Wife Who Was Pregnant With Couple’s First Child And Medical Negligence Lawyers Call For Lessons To Be Learned
A Hospital Trust has admitted liability for the death of a dad-to-be who died following a delay in treating a hernia.
Adam Hurst died aged 31 from a rare type of hernia hours after arriving at Hinchingbrooke Hospital in Huntingdon, Cambridgeshire.
The builder, who was rolling on the floor in pain, was assessed in the ‘minor’s’ area of A&E rather than the ‘major’s’ department that deals with more serious incidents.
Adam died following hernia care delays
Adam, of Huntingdon, should have been initially assessed within 10 minutes but waited 50 minutes, an internal NHS investigation report found. There was a further delay of nearly an hour in having a CT scan because of a fire alarm in the radiology department.
Approaching five hours after his admission, Adam suffered a cardiac arrest. He died around 50 minutes later.
At the time Adam’s wife, Victoria Hurst, was 25 weeks pregnant with their first child. Victoria later gave birth to daughter, Alice-Rose Adam Hurst.
Medical negligence lawyers asked to investigate Huntingdon man's care
Following the youth football coach’s death, Victoria, aged 35, instructed expert medical negligence lawyers at Irwin Mitchell to investigate Adam’s care and help secure her family’s future.
North West Anglia NHS Foundation Trust, which runs Hinchingbrooke Hospital, has now admitted liability for Adam’s death and apologised.
In a letter on behalf of the Trust, Caroline Walker, chief executive, said she was “truly sorry for the failings in Adam’s care.”
She added: “I can only imagine how distressing it must be for you to know that Adam should have received care that would have saved his life.”
Amie Minns is the expert medical negligence lawyer at Irwin Mitchell representing, Victoria.
Expert Opinion“Victoria and the rest of Adam’s family remain devastated by his death and the circumstances surrounding it.
“The care failings that Adam experienced ended in the most devastating way and will continue to affect his family for the rest of their lives.
“While we welcome the Trust’s admissions and apology, it’s now vital that lessons are learned to improve patient safety.” Amie Minns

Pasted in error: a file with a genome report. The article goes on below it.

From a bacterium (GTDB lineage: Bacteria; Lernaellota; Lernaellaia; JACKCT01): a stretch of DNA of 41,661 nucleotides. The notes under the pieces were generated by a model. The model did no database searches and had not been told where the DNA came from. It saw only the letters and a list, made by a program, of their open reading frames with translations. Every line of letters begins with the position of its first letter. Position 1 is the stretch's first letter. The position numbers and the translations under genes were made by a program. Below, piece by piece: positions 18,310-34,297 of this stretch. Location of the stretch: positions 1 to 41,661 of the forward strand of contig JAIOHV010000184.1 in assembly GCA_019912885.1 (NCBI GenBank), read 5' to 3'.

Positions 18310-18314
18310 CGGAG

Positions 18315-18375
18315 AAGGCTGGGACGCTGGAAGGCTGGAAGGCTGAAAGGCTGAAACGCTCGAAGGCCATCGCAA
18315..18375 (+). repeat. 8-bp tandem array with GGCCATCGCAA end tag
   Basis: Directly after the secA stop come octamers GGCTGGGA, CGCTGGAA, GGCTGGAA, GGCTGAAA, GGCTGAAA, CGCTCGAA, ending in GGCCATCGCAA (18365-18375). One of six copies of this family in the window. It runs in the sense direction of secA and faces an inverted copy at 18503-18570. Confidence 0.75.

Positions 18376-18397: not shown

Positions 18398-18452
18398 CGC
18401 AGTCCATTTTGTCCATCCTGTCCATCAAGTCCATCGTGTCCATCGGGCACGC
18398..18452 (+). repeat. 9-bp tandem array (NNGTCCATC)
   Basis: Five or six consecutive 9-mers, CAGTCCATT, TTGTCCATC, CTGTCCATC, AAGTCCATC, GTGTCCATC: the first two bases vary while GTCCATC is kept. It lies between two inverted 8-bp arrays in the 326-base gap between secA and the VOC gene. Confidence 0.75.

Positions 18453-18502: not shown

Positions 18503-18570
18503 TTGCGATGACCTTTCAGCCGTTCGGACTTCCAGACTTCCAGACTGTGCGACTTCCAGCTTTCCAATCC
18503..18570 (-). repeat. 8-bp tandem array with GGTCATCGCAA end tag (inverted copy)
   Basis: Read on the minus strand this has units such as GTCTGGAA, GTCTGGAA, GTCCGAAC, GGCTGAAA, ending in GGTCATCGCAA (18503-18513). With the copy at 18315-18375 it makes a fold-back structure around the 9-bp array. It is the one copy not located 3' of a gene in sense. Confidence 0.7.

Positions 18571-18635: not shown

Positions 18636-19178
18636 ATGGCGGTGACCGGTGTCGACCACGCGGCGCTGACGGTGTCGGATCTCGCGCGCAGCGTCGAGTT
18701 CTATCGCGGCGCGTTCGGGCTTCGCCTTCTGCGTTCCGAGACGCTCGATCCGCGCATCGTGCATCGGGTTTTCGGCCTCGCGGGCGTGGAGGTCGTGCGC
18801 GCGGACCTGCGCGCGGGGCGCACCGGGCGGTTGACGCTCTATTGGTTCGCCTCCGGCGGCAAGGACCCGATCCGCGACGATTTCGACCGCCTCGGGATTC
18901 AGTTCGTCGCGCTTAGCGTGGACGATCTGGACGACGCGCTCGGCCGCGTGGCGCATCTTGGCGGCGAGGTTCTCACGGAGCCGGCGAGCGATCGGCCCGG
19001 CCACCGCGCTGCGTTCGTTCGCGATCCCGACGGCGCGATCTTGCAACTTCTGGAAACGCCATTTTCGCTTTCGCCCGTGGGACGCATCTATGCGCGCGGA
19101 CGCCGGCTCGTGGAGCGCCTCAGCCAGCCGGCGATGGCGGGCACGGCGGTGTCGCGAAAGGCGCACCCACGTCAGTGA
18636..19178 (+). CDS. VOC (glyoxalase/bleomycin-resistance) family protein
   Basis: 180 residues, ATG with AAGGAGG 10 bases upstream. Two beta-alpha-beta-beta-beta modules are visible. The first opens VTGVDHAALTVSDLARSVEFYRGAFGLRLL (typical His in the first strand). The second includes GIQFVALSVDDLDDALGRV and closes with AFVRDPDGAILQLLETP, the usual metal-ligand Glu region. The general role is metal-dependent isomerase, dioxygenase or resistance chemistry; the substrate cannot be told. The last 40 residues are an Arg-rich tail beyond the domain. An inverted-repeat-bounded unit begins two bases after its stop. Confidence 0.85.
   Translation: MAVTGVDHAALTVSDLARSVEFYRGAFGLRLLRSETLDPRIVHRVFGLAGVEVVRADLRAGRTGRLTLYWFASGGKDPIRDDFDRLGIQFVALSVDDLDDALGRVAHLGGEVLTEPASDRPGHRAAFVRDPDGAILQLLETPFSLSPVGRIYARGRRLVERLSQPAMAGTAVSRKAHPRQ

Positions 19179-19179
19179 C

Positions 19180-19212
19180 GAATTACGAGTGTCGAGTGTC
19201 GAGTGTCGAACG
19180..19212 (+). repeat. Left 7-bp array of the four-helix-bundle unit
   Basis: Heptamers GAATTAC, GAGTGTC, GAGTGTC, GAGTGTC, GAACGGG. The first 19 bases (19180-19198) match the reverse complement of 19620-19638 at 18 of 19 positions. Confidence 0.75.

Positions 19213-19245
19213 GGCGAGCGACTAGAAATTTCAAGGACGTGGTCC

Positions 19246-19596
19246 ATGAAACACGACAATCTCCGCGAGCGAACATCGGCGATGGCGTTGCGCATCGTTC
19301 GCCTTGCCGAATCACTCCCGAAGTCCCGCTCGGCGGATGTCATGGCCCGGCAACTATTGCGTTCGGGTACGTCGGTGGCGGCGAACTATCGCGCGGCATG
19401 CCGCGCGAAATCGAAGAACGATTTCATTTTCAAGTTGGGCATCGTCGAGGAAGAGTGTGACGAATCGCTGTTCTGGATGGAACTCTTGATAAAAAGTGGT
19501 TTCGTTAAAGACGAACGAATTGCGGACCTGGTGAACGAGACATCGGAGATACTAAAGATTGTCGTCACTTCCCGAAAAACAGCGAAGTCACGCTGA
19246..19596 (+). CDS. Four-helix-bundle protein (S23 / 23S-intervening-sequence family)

Medical negligence: Adam Hurst's story
Adam was admitted to hospital just after 6.50pm on 7 December, 2018, suffering from severe stomach pain.
He was placed in the ‘minor’s’ section of A&E and assessed by a doctor at around 7.45pm. Following further discussion, it was decided Adam should have a CT scan of his abdomen. However, this was delayed because of a fire alarm in the department.
Adam underwent a scan at around 10pm which highlighted an undetected congenital diaphragmatic hernia and fluid in his stomach.
After arriving on a surgical ward ahead of a planned pre-operative assessment, Adam suffered a cardiac arrest at around 11.40pm. He died at 12.30am on 8 December, 2018.
Following legal submissions by Irwin Mitchell, North West Anglia NHS Foundation Trust admitted that if Adam had undergone surgery by 8pm, or at any time prior to his cardiac arrest, then he would have survived.
North West Anglia NHS Foundation Trust report also finds care issues
An internal serious incident report by the Trust also found issues in Adam’s care including:
• It was unable to accommodate a seriously unwell patient in ‘major’s’ at the time of admission;
• There was a delay in medical assessment for a patient triaged as orange. This requires a medical assessment within 10 minutes. Adam waited 50 minutes from assessment to triage;
• Inadequate pain management of Adam’s condition;
• There was inadequate frequency of observations;
• Inadequate communication, both verbal and written between staff.
Adam's wife Victoria calls for lessons to be learned
Victoria, who gave birth to Alice-Rose in February 2019, said: “Adam was in absolute agony and I knew I had to get him to hospital as soon as I could. Even at hospital his pain continued. He was screaming in agony, rolling on the floor and was very agitated.
“Despite this it felt like nobody was really listening to us nor really understanding the seriousness of his condition.
“Even more than five years on it remains difficult to understand how Adam went into hospital and within a few hours he was gone.
“Adam was the most loving, caring and affectionate person. He was always happy and would go out of his way to help people. He didn’t deserve to die, especially in the avoidable way he did.
“One of the hardest things to come to terms with is how he never got to meet Alice-Rose. He was so excited to become a dad; it’s all he could talk about. I know he would have been the most amazing dad.
“While Alice-Rose will grow up without her dad, we’ll never forget Adam. I tell Alice-Rose every day how much her daddy would have loved her and how proud he would be.
“Nothing can make up for what’s happened and Adam’s death but my focus is now trying to raise as much awareness as possible as to what Adam went through so hopefully others don’t have to suffer like he did.”
Adam's Rose charity launched to support bereaved families
Following Adam’s death, Victoria as well as friends and family, set up the Adam’s Rose charity which aims to provide a support network for people experiencing the death of a loved one. The charity also provides gift bags to bereaved families to take their loves one’s belongings’ home from hospital.
Victoria added: “Not only did we lose someone special to us when Adam died, the world lost one of good guys who always put helping others in need and their happiness above his own.
“Support can’t undo what’s happened, but nobody should have to go through grief alone. The aim of the charity is to create communities of support that can grow together and be there for one another for support that only they can understand.”
More information on the charity can be found on its website.